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Pandavleni caves

By Devik Balami at
pandavleni caves

Pandavleni caves, also known as Nasik caves, is located about 8km south of the center of Nashik (or Nasik), Maharashtra, India. These caves are also known as Pandu Lena or Tri Rashmi Leni. Pandavleni caves include 24 caves which are carved between 1st century BCE and 3rd century CE. It is recorded that additional sculptures were also added in these caves during the 6th century reflecting changes in Buddhist devotional practices. These caves are early examples of Indian rock-cut architecture which also represents Hinayana Buddhist tradition. Among these caves, there is only one cave meant for chaitya and others are viharas. The caves served as a vihara contains sculptures of King, farmers, merchants; Buddhist relics and Buddhist arts- images of Buddha and Bodhisattva. The caves served as Chaitya has a particularly elaborated facade.

Features of Pandavleni Caves

The caves were carved in a long line on the north face of a hill called Tri Rasmi. Therefore, it is also known as Tri Rashmi Leni. The visitors in this cave are not only fascinating about the inscriptions belonging to the reign of Satavahana and Kshaharatas or Kshatrapas but also due to the Rock-Cut architecture of the 2nd century CE.

Cave no 1: This cave was planned to use as Vihara with four columns between pilasters in front of a narrow verandah. The cave has no inscriptions and is the uncompleted cave.

Cave no 2: This cave is a small excavation which has two cells at the back. The walls nearly covered with sitting and standing Buddha statue with attendant chauri-bearers.

Cave no. 3: This cave is one of the most important and the largest caves found in the Pandavleni cave complex. It was dedicated and built to Samdha in the 2nd century BE by Queen Gotami Balasiri, mother of deceased Satabashana king Gautamiputra Satakarni, and contains numerous important inscriptions.

Cave no 4: This cave has no inscriptions but frieze is carved with the rail pattern which has a considerable height. The veranda has the octagonal pillars in which an elephant with female riders is carved in.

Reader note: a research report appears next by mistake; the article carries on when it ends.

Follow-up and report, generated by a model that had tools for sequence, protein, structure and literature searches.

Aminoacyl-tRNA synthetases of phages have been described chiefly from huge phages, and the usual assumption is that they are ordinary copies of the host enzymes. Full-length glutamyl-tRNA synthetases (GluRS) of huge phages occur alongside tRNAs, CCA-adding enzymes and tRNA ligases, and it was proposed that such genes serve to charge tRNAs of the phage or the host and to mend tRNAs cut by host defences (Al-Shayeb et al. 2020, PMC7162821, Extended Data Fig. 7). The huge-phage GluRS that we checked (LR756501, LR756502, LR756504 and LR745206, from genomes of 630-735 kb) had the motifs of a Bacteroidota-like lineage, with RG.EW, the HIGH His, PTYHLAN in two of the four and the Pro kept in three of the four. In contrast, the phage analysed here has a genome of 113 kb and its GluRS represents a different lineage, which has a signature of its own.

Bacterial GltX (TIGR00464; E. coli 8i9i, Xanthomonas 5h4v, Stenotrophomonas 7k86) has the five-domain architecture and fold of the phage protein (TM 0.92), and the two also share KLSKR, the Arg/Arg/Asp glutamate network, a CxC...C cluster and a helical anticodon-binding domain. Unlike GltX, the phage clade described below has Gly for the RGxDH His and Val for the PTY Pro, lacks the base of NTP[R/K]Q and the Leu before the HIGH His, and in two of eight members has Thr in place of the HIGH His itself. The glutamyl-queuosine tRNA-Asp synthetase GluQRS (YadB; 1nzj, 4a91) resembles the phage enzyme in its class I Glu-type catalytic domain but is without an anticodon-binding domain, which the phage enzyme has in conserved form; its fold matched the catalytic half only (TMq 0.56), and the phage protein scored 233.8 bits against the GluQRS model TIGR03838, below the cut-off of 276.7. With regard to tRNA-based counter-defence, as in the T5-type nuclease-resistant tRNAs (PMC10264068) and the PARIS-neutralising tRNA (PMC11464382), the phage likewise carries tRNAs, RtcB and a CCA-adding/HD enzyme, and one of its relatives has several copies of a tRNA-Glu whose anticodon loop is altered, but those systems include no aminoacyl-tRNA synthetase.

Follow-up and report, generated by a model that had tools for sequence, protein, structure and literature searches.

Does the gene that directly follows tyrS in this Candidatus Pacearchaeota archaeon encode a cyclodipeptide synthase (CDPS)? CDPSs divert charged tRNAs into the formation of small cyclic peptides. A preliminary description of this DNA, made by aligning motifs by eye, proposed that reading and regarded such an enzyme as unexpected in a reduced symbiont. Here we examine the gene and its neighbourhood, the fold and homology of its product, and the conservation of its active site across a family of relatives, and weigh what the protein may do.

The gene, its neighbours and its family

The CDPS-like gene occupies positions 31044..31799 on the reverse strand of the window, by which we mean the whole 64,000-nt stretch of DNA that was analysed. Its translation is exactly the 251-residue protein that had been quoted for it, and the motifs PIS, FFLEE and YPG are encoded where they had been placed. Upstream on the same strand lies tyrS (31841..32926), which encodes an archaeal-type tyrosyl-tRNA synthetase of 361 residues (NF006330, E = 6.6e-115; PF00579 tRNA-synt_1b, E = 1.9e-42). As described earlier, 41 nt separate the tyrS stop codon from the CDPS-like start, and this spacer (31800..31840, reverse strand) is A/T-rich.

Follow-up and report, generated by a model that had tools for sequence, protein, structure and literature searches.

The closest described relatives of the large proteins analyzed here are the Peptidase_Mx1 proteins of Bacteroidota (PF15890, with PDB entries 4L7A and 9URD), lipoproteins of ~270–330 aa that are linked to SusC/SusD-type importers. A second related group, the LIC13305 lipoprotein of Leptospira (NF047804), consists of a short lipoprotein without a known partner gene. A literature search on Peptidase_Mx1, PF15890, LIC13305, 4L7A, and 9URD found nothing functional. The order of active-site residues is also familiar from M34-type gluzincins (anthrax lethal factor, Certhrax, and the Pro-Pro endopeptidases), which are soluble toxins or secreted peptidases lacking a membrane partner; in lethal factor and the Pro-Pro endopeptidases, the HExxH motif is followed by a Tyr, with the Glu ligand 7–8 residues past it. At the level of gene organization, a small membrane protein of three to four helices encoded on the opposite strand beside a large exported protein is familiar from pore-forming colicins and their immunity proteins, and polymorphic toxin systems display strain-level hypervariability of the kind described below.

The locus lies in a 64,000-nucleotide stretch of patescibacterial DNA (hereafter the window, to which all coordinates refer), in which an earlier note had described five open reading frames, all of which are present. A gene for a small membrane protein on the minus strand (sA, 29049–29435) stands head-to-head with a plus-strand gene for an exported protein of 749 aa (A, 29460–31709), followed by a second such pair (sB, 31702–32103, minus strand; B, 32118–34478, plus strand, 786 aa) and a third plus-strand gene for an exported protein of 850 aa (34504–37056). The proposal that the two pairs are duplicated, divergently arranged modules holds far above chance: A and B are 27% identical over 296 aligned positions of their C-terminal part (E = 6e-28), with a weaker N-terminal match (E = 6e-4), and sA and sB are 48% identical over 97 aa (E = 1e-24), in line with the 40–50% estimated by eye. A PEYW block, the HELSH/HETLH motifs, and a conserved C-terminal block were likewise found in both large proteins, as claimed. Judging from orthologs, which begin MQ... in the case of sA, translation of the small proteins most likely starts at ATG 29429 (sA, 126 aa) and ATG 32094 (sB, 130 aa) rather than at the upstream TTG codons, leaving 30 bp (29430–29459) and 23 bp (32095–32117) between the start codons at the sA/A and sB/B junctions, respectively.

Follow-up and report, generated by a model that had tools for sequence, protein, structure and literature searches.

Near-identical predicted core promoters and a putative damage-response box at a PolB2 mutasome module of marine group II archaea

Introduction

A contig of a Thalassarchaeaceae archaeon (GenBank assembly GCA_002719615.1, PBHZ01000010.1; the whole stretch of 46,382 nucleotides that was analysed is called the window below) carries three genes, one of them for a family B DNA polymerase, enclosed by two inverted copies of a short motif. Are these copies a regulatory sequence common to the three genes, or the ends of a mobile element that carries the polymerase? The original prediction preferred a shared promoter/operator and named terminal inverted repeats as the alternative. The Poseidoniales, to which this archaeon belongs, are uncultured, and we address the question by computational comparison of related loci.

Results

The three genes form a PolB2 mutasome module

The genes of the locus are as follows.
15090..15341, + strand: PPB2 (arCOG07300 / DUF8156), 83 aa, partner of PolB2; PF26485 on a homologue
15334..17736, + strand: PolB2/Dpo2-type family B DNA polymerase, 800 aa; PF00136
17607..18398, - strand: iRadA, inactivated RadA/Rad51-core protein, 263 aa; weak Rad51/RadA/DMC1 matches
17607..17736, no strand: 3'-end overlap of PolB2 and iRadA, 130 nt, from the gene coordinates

Cave no. 6: This cave has an inscription which mentions the dedication of a merchant to the Samgha.

Cave no 7: The inscription in this cave explains that the cave was the gift by a female ascetic named Tapasini to the Samgha.

Cave no 8: The inscription in this cave explains that the cave was a gift from a fisherman name Mugudasa.

Cave no 10: This cave is one of the important cave which was built by Indo-Scythian Western Satraps ruler Nahapana in 120 CE. Therefore this cave is also known as Nahapana Vihara. This cave consists of six inscriptions of the family of Nahapana. The cave has five benched cells on each side and six in the back. The back wall of this cave is carved with the figure of Bhairava, a Hindu deity. There is also the same god carved outside of the veranda.

Cave no 11: This cave is at a higher level than that of cave no 10. The front room’s back wall of the cave is carved with a sitting figure and attendants on a lion throne and on the right-end wall a fat figure of Amba on a tiger with attendants, and an Indra on an elephant.

Cave no 12: This cave has an inscription which mentions that the cave is the gift of a merchant named Ramanaka.

Cave no 14: this cave is a group of chambers which consists of three cells. The first has an inscription of a certain Hamanaka, mentioning an endowment of 100 Karshapana for a garment to the ascetic residing in it during the rains. The other two has no inscriptions.

Cave no 15: This cave is the only one which houses inner shrines of a two-storeyed cave. Both floors have on each of the three walls a sitting Buddha image along with other attendants.

Cave no 17: This cave was built by a devotee of Greek descent in around 120 CE. This cave is the third largest cave on this hill. The cave houses standing the image of Buddha on the wall of the back aisle. The height of this image is 18.5 ft long. There are other metallic images also.

Cave no 18: This cave was built in a chaitya design. This chaitya cave is only one in this group of caves which was built in much earlier date. The height of the chaitya in this cave is 6 ft 3 inches and the diameter is 5.5 ft.

Cave no 19: This cave is also known as Krishna vihara and is located at the lower level than the chaitya cave. This cave has an inscription of king Krishna of the Satavahanas which is oldest known inscriptions which dates to 100-70 BCE.

Cave no 20: This cave is one of the large Vihara in this series. The hall has the width of 37.5 feet at the front to 44 ft at the back and 61.5 ft deep. On either side, there is a gigantic dvarapala of height 9.5 ft. The cave houses other deities along with Buddha statues of height 10 ft.

Cave no 23: This cave is a large, irregular cave housing three shrines. The shrines and the compartments on the walls of this cave are filled with Buddha statues along with statues of Padmapani and Vajrapani. Among the Buddha statue, there is also a reclining Buddha statue in the cave.

Cave no 24: This is a small Bhikkhu’s house which consists of the veranda with two small chambers at the back. The friezes are ornamented with a string of animal figures along with conventionalized forms of the symbol of dharma.